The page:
The World Health Organization (WHO) has recommended HIV self-tests strategies since 2016, authorizing people to find out their HIV status in their favor. Home test kits must be approved for sale in Canada. However, the research team at McGill University Health Center (RI-MUHC) and Clinique Médicale d'Actuel in Montreal assessed HIV testing without using smartphone and tablet applications called HIVSmart! risky population (people who have sex with men). The findings of their studies – the first Canadian – were released this week on the Internet Journal of Medical Internet Investigation.
"To reach the first 95 so-called 95-95-95 targets set by UNAIDS * by 2030, it is necessary to help detect HIV in those who are unconscious of HIV status. A screening strategy that has the potential to reach undiagnosed HIV Testing is only testing, "says Dr. Nitika Pant Pai, lead author of this study and researcher of infectious diseases and immunity in the Global Health Program RI-MUHC and an associate professor of medicine at McGill University. "HIVSmart! removes all gaps in the self-assessment process; works with all approved HIV tests, facilitates testing and proactively informs the user. "
"By promoting screening, HIVSmart can help reduce the number of people living with HIV who do not know their status and allow them to begin treatment early," says Dr. Réjean Thomas, co-author of the study, who is also the founder and CEO of Clinique Médicale L & # 39; Actuel, & # 39; An application such as HIVSmart! increases test availability, especially outside major cities, where it is sometimes harder to test for confidentiality issues. "
HIVSmart! is available for a confidential smartphone, tablet, or web app application (Android, iPhone, and iPad) developed by Dr. Pant Pai and her team at RI-MUHC. Informs, interprets, and stores data confidential but, most importantly, provides users with quick counseling or care and encourages the customer to stay in care. Initially it was developed with funding from Grand Challenges Canada, HIVSmart! was evaluated in Montreal thanks to this study funded by Canadian Institutes of Health Research (CIHR).
HIVSmart! feasibility in Montreal
Between July 2016 and February 2017, researchers conducted a survey of 451 men who had sex with men (sometimes referred to as MSMs) between the ages of 18 and 73 who were introduced to Clinique Médicale Actuel da they would have been tested for HIV. They are offered HIV Test in the home and PVC tablets equipped with HIVSmart! App. The strategy has imitated testing in an unmanaged home environment. Using HIVSmart! The participants were guided through the self-assessment process, learned how to perform and interpret the test, store the results and quickly worry.
"Our study shows that HIVSmart! The application strategy is feasible, accepted and preferred by the educated, urban MSM population in Montreal," says Pant Pai. "As a strategy, it suits individuals who like to test their comfort in the comfort of private space, such as home, office or kiosks. It's Empowerment!"
HIV self-assessment for risky populations
In Canada, the HIV epidemic is disproportionately present in key populations, such as MSM, drug injectors, indigenous populations, and immigrants from HIV endemic countries. About 18 to 25 percent of Canadian MSM populations are unaware of their HIV-positive status, and the number may be proportionally higher for IDUs, indigenous populations and immigrants, which emphasizes the need for available HIV self-assessment services.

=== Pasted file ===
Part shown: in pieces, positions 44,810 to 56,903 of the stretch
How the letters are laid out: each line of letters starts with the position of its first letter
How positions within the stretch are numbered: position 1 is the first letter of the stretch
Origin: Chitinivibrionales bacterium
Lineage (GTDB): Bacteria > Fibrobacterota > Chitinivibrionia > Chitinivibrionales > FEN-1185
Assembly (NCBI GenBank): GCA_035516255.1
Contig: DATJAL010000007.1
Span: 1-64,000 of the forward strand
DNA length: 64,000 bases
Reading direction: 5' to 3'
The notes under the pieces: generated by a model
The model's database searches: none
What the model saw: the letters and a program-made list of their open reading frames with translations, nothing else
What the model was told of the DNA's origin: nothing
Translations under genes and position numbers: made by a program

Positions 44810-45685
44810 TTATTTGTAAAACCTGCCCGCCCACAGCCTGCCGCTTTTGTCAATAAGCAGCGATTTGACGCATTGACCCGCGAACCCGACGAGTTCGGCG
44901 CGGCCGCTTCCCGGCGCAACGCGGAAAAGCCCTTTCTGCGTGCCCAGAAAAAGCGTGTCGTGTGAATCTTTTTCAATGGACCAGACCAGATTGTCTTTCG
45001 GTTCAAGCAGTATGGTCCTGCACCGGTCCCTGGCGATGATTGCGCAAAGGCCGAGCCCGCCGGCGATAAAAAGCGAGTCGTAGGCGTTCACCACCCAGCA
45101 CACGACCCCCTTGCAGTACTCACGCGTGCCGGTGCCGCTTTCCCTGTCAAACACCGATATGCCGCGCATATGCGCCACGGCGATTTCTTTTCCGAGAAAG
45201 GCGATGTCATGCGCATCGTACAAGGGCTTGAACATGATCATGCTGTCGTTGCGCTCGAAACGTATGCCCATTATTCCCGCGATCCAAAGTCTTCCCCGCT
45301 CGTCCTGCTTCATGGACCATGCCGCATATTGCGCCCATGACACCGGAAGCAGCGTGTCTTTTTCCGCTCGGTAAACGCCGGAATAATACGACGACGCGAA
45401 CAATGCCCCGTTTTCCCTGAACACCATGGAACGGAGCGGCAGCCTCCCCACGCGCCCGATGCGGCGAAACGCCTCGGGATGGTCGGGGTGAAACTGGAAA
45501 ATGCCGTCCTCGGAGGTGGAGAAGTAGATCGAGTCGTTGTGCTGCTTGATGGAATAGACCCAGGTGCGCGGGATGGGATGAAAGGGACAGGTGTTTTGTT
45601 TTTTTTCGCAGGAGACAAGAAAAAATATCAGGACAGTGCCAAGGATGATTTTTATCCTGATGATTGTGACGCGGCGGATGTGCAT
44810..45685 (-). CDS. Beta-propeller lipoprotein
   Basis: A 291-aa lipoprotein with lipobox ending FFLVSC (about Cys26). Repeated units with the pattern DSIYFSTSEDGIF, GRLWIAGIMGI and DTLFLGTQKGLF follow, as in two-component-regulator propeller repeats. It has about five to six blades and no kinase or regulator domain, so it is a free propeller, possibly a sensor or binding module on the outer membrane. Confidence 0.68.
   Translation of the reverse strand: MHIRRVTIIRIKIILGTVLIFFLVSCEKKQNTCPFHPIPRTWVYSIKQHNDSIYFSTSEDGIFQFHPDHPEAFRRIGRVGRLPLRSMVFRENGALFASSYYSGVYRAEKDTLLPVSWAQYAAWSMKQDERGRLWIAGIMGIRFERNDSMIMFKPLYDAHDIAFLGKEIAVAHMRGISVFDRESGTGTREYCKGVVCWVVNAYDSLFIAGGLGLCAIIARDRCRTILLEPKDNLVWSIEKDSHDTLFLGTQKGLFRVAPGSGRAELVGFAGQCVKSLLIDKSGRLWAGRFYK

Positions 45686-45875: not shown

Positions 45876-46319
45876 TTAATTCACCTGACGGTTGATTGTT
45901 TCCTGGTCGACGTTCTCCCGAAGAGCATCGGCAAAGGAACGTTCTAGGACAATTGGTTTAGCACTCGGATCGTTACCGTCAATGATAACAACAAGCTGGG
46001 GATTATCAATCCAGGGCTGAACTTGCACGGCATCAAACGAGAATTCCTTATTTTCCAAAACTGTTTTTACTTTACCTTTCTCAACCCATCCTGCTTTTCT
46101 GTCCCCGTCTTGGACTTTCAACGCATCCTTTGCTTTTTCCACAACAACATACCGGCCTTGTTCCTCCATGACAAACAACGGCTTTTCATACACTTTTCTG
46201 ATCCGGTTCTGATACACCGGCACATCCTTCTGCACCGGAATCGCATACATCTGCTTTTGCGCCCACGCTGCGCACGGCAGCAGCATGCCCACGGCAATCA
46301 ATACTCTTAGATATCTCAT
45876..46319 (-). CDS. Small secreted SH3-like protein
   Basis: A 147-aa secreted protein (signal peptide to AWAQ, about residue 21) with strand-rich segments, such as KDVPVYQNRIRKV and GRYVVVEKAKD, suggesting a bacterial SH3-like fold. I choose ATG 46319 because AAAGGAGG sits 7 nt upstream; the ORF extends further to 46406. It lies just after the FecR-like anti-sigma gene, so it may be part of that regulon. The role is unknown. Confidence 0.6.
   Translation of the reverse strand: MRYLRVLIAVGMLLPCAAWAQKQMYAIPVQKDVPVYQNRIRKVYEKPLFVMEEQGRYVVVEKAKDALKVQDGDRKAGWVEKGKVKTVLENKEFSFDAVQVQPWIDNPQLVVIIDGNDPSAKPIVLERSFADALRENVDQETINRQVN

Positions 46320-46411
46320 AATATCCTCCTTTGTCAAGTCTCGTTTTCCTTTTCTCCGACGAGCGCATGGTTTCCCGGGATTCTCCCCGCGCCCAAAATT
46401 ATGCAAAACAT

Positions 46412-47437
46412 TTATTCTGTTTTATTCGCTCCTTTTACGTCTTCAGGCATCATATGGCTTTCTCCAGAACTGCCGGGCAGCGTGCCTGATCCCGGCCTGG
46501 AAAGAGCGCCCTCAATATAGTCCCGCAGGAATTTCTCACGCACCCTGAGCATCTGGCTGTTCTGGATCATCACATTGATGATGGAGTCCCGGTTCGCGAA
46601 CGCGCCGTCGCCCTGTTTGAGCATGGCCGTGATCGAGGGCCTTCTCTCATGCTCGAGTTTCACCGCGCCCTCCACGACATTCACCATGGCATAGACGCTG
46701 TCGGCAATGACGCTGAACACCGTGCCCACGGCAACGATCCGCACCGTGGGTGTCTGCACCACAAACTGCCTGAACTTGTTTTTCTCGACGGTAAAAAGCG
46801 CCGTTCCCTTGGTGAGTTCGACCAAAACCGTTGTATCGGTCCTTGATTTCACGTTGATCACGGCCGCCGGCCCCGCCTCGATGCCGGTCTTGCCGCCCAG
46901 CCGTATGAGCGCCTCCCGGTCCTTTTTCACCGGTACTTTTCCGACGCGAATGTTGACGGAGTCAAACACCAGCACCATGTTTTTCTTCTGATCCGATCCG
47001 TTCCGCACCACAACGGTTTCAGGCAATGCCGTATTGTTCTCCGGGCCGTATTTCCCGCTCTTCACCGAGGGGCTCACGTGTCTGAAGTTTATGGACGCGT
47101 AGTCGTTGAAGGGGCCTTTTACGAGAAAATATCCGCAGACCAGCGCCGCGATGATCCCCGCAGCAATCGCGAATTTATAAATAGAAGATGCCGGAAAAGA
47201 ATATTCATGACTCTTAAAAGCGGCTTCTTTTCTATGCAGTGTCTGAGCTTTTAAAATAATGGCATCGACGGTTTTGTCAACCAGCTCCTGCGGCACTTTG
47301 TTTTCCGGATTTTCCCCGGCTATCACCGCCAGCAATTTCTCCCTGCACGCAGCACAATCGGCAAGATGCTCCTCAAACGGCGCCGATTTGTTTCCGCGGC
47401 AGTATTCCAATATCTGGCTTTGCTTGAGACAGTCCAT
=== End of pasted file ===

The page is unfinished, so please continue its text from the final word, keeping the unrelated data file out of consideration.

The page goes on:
"We currently have all the means to eradicate HIV. HIVSmart! The application is a way of supporting patient autonomy," says Dr. Thomas. "Promoting screening reduces the number of people who do not know their HIV status, places people with HIV positive on treatment so their viral therapy becomes unmanageable and ultimately eradicates HIV."
Researchers plan to adjust HIVSmart! a self-assessment strategy for many risky populations in Canada and around the globe, maximizing the impact of public health. HIVSmart! the strategy is also tested in South Africa.
* UNAIDS's Strategy for the Rapid Aids Strategy to Combat AIDS by 2030:
By 2030, 95% of all people living with HIV will know about their HIV status.
By 2030, 95% of all people diagnosed with HIV infection will receive permanent antiretroviral therapy.
By 2030, 95% of all people receiving antiretroviral therapy will have viral suppression.
Profile of the participant
- 84.7% are educated out of high school;
- 79.5% they were employed;
- 52.5% has been tested in the last 6 months.
- 99.3% participants who have tested negative and received advice themselves after their test;
- 0.7% Participants who were self-tested positive and positively confirmed by labs were related to a physician on the same day;
- 98.8% the participant found the application useful;
- 94% Participants are willing to recommend it to friends or partners.
About the study
Pant Pai N, Smallwood M, Desjardins L, Goyette A, Birkas KG, Vassal AF, Joseph L, Thomas R
Unhappy optimized Smart Automated HIV Automation Program in Montreal, Canada: Cross-sectional Study
J Med Internet Res 2018; 20 (11): e10258
DOI: 10.2196 / 10.258
This work was funded by the Canadian Institute of Health Research (CIHR) and Fonds de recherche du Québec – Santé (FRQS).
McGill University Health Center
Julie [dot] Robert [at] MUHC [dot] McGill [dot] ca